I am curious why you think it's haughty? I can't speak for Retreater , but for me there were a few lines in his tweet that jumped out to me. "There is one ranger: the one in the Player's Handbook" "Frankly, the revised ranger helped feed an internet-fueled view of the class... I wasn't sorry to end it." Both of those... the tone I picture them said in is almost derogatory. And, while I missed whatever it was he said in 2017 about never doing an alternative class, as someone posted earlier in this thread, two years ago near the end of 2016 (09/12/2016) they were saying very different things about the state of the Ranger. Just in the first paragraph of that PDF we have "the class’s high levels of player dissatisfaction and its ranking as D&D’s weakest class by a significant margin" quoted as the reason for the revisions. And they talk about doing research and finding the class lacking back then, it's abilities rated as some of the worst in the game and people generally being unhappy with it. And you know... that is weird to me. I ge...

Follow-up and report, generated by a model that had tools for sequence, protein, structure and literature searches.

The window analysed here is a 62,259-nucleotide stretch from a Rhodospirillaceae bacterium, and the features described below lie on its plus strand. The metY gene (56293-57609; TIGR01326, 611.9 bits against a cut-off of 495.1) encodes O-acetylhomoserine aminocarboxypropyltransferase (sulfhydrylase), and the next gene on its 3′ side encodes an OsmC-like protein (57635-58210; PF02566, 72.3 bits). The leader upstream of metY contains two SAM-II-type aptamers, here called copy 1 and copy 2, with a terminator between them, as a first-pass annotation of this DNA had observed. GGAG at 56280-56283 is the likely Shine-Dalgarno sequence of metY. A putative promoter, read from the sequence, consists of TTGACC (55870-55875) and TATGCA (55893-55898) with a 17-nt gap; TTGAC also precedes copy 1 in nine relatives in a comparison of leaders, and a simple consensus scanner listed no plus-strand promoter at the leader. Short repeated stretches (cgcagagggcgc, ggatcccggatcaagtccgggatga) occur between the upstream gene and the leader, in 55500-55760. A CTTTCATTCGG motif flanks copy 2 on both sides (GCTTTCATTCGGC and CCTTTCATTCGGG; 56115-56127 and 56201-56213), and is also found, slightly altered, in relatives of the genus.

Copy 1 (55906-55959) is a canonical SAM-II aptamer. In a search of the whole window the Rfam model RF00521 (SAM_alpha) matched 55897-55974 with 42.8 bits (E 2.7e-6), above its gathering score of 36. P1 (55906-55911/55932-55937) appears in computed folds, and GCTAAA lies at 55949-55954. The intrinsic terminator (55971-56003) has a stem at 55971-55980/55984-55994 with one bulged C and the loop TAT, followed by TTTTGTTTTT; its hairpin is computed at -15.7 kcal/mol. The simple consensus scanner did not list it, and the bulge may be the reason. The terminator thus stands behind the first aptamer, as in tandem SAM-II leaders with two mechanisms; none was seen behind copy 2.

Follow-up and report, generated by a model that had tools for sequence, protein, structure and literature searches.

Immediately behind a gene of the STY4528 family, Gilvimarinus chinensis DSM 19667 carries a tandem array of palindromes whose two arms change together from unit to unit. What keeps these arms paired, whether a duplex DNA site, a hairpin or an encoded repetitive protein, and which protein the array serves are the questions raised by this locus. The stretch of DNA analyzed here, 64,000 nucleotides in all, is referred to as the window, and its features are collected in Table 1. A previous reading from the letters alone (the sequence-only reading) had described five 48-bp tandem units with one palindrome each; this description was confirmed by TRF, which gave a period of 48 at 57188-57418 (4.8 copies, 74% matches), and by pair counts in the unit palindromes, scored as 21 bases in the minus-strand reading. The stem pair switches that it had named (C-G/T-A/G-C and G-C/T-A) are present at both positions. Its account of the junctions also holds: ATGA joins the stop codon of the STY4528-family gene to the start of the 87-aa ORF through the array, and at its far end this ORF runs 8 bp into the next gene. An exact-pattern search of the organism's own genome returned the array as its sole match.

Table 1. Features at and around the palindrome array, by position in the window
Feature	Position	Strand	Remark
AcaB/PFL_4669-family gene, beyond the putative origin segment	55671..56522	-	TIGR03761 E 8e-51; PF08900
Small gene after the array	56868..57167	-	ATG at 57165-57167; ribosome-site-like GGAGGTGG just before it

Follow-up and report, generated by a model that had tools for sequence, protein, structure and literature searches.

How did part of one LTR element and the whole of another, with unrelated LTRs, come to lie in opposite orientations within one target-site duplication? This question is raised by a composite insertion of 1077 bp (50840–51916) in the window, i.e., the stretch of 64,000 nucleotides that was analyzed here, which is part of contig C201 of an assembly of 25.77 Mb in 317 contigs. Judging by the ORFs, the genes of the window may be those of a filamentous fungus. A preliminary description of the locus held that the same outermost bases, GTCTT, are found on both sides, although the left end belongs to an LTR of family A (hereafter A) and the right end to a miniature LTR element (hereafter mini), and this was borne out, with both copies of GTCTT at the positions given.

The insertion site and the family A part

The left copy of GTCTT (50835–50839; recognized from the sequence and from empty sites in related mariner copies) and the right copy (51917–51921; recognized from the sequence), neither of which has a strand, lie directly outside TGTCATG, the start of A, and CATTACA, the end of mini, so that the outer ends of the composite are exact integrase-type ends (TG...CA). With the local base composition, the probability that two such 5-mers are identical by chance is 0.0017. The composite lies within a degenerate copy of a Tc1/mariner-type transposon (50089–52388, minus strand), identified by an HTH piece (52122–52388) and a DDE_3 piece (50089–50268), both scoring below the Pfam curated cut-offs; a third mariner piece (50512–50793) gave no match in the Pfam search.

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Tuesday, 25th June, 2019

  • 11:55 PM - Umbran quoted Retreater in post How Many Actual Sessions Do Your Campaigns Last?
    Despite the actual player composition, most of our games meet biweekly (with the occasional skipped session due to real world situations). We've found that most games last between 8-12 sessions (or in real-world time, between 4-6 months.) My group uses a similar biweekly format (twice a month). My first campaign with them was Deadlands, and ran... 5 years and one month. We took a bit of a palate cleanser with (what for us is) a short arc that lasted 6 months with Atomic Robo. The following campaign has been Ashen Stars, and has been running for... just about 3.5 years now? It is heading into some plotlines that the group may consider to be a good close to the character's stories.

Monday, 24th June, 2019

  • 09:00 PM - Tony Vargas quoted Retreater in post D&D, Epic Fantasy, and the Long-Term Campaign Paradigm